Deploying Functional Grammar

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This workbook is the culmination of a project initiated in the early 1980s by JimMartin and Clare Painter, who were joined in the endeavour by Christian Matthiessenin 1988. We three were all concerned to provide support materials for students andcolleagues who were learning the analyses proposed in Halliday's Introduction toFunctional Grammar. In particular we shared the experience of guiding studentsthrough familiar kinds of difficulties year after year - and wanted to prepare materialswhich would help learners through and around these experiences. We also wanted toprovide some support for people learning the grammar on their own, or without thedialogue provided by a critical mass of systemic linguists such as we enjoy in theSydney metropolitan region.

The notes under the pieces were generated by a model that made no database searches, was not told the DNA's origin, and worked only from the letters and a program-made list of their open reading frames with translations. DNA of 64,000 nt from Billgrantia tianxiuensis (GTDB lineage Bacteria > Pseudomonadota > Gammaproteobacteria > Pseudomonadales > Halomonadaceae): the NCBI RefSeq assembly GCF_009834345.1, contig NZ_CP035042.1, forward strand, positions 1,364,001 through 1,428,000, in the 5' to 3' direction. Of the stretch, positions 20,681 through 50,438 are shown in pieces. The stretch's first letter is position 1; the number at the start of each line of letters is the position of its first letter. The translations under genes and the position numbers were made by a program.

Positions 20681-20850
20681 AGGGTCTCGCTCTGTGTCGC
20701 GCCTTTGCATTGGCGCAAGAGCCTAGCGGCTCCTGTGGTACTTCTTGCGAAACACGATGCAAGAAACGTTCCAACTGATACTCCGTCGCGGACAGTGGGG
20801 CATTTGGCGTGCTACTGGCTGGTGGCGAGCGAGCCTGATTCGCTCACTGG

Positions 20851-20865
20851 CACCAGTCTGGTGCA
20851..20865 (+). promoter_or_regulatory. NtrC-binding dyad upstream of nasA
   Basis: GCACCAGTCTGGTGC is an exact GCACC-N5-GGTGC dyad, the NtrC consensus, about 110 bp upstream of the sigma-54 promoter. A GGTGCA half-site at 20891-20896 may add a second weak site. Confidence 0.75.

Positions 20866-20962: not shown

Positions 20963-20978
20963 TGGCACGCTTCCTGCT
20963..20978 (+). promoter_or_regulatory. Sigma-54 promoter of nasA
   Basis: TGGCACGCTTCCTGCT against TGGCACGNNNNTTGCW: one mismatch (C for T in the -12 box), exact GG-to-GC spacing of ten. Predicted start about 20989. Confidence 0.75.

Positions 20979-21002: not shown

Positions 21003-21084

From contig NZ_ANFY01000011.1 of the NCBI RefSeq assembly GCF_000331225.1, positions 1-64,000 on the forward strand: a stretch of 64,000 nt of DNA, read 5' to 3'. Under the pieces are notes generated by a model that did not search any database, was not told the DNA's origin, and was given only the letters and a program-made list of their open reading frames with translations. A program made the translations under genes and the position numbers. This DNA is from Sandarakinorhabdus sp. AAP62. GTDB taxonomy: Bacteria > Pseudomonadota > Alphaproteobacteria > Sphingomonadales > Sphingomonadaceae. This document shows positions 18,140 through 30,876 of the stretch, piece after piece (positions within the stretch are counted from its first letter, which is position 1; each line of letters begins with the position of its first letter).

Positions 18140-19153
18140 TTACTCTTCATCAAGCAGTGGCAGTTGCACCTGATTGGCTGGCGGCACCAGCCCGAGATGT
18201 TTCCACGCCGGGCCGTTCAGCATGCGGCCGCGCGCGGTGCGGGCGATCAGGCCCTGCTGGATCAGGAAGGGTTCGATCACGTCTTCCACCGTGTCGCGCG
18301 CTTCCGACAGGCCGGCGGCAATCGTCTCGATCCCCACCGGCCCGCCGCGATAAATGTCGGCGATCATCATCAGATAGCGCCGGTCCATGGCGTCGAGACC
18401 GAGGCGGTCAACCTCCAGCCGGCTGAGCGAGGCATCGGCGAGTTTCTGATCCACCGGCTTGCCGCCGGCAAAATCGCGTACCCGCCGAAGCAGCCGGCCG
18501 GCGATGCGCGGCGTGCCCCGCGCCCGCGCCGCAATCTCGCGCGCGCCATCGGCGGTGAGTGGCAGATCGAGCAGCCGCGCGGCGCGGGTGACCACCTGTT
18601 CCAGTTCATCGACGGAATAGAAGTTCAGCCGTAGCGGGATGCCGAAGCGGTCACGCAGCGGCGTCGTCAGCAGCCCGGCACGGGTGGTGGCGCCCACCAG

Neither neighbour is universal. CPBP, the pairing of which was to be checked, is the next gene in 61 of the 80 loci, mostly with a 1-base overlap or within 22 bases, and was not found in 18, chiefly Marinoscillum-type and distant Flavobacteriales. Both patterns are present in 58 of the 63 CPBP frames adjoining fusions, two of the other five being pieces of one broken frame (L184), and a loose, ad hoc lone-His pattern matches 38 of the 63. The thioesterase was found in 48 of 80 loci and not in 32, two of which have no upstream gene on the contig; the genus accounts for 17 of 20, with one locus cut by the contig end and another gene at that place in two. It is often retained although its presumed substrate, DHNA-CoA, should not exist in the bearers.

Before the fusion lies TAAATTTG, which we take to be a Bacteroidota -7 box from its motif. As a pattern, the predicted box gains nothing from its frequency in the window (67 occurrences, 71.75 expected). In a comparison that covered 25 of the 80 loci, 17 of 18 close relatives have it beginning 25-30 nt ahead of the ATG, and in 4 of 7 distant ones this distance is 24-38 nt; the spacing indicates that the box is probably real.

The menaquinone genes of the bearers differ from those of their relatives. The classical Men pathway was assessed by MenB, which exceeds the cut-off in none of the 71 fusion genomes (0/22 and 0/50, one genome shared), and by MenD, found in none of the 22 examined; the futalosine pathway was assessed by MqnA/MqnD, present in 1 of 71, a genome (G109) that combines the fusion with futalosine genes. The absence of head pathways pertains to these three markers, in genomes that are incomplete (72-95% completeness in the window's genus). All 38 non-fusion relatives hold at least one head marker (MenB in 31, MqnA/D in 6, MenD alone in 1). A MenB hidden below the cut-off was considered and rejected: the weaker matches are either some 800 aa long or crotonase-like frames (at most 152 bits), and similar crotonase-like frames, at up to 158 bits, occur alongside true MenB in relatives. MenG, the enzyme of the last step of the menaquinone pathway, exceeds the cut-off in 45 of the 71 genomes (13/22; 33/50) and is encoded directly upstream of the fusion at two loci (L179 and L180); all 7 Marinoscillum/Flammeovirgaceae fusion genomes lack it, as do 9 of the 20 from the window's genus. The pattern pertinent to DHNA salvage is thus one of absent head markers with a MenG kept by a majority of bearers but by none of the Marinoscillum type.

Since the publication of the first workbook titled Working with FunctionalGrammar in 1997, we have had the opportunity to use it with students, and to receivefeedback from many colleagues around the world. It became clear to us that weneeded to make a number of corrections and in some cases provide less confusingexamples. We were also keen to include a chapter on group and phrase analysis, whichfor reasons of space was excluded from the first edition; and we also wanted tointerface the grammar analyses considered here with discourse semantic systems, sothat their complementary roles in text analysis could be exemplified.
When negotiations with the original publisher along these lines broke down, wesecured the rights for the volume, and began exploring publication elsewhere. The Commercial Press has generously allowed us the additional scope we needed toamend the first edition with two additional chapters. We are delighted to bepublishing this second edition in China, where so much interest in functional grammarhas grown. Since IFG2 is still in print in China, we have accordingly cross-referencedthis edition to both the second and third editions of IFG.